Turnbull's appointment of more women to senior positions is a decisive shift

Foreign minister Julie Bishop. Photo: Bart Maat/Getty Images.

Malcolm Turnbull has announced his new line-up of ministers on Sunday in what has seen some shock casualties and surprising faces.

But one of the most notable elements of the cabinet reshuffle is in Turnbull more than doubling the number of women in cabinet from two to five.

NSW Senator Marise Payne became the first women in Australia’s political history to take on the role of defence minister, replacing Kevin Andrews who was dropped from the new line-up.

Marise Payne. Photo: Getty Images.

Meanwhile, the former parliamentary secretary to the treasurer, Kelly O’Dwyer, has entered into cabinet in her new role as small business minister and assistant treasurer making her “the first woman to be elevated to cabinet within the Treasury portfolio”.

Earlier this week, Turnbull vowed to see more female representatives on the frontbench saying: “There is no greater enthusiast than me for seeing more women in positions of power and influence in parliament, in ministries right across the country.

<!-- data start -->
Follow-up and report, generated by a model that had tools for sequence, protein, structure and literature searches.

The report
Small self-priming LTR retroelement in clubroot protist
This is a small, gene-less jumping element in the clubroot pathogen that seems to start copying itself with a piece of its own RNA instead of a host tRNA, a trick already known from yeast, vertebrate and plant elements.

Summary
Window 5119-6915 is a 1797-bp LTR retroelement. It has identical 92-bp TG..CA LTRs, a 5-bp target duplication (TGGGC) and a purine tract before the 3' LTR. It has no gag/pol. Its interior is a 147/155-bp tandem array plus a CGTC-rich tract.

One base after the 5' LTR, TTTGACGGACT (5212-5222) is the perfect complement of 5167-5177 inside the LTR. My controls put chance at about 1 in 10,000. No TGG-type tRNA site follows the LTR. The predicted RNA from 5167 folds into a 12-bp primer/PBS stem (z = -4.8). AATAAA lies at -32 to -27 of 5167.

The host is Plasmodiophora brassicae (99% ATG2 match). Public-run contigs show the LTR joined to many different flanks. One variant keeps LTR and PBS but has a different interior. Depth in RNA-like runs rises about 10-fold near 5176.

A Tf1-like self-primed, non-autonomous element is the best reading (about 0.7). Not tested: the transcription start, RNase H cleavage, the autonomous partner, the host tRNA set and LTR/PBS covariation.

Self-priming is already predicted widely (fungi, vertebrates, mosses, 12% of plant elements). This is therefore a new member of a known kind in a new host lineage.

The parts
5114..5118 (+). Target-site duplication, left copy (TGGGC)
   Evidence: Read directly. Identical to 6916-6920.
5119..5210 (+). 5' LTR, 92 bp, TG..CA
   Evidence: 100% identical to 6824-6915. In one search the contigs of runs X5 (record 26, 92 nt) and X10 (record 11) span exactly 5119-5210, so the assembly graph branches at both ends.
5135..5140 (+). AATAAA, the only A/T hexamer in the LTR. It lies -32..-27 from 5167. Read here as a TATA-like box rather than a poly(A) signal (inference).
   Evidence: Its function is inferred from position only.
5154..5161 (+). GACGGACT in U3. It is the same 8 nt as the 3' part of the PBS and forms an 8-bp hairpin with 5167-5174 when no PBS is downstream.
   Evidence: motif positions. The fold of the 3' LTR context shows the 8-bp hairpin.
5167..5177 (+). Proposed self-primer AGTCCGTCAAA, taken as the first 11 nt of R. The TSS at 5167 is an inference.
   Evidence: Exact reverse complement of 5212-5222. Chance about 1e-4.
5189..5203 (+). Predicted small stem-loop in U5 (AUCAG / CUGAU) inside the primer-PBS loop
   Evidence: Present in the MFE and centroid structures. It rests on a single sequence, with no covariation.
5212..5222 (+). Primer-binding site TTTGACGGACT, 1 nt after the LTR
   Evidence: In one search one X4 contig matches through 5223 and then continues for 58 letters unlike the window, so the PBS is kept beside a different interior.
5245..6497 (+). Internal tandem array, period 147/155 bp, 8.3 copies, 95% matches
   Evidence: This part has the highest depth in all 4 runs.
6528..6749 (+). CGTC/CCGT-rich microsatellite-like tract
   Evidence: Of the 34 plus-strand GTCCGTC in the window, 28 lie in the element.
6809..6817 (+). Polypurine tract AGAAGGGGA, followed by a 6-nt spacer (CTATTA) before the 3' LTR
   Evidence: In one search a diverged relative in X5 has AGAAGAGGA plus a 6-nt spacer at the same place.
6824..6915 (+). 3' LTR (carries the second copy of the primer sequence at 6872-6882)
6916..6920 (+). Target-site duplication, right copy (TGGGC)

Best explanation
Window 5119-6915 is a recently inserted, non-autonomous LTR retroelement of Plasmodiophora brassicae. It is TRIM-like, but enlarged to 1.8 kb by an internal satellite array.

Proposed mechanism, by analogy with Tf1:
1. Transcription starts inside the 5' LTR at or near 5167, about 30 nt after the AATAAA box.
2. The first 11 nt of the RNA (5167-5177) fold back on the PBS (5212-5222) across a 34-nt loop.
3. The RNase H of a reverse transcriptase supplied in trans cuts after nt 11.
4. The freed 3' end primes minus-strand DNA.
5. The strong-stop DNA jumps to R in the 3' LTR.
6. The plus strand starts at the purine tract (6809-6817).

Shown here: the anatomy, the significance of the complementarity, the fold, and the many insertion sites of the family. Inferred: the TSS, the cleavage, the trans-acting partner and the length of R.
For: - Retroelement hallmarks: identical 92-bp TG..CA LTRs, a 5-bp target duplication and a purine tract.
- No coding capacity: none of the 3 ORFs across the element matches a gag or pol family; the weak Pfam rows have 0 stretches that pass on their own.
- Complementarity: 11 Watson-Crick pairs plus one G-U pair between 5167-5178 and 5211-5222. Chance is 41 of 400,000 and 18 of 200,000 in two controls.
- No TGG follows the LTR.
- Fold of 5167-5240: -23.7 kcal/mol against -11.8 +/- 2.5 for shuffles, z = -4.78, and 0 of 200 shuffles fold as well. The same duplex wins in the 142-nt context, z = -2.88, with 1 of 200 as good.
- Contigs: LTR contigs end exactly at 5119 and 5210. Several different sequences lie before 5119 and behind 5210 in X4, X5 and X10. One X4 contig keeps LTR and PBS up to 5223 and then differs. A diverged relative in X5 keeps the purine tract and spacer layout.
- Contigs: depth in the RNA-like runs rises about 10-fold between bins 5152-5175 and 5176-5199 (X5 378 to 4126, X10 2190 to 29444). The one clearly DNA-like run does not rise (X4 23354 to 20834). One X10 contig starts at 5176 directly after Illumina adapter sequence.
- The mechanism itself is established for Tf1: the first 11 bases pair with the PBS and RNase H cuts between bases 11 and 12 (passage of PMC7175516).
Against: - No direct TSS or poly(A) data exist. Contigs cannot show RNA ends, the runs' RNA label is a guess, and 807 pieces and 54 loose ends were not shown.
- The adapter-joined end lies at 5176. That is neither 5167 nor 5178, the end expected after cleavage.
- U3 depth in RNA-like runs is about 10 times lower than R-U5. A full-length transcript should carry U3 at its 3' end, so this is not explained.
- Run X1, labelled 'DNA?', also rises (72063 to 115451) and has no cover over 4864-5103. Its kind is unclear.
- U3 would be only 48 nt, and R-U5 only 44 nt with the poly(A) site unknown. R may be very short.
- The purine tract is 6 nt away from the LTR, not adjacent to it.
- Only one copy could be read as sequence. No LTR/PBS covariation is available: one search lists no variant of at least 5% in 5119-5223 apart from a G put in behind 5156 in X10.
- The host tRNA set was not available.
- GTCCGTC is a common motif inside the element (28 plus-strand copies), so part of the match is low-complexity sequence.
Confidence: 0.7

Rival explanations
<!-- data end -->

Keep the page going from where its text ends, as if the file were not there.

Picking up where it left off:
“I can assure you that. I am very committed to that, but I am not going to say any more about the new ministerial arrangements. You don’t have long to wait.”

Michaelia Cash, previously the assistant minister for immigration and border protection, and minister assisting the prime minister for women, entered cabinet taking on a range of new roles including minister for women, minister for employment and minister assisting the prime minister for the public service, leaving Tasmanian senator Eric Abetz without a role.

Meanwhile, NSW Nationals Senator and assistant health minister Fiona Nash will retain her position as rural health minister while Sussan Ley stays on as health and sport minister.

Fiona Nash. Photo: Getty Images.

The Abbott government was regularly criticised for the absence of women in senior cabinet positions.

A report from Liberal think tank the Menzies Research Centre last month highlighted only a third of federal and state parliamentarians are women, with women currently forming a minority in every state, territory and federal chamber and in both major parties.

Business Insider Emails & Alerts

Site highlights each day to your inbox.

Follow Business Insider Australia on Facebook, Twitter, LinkedIn, and Instagram.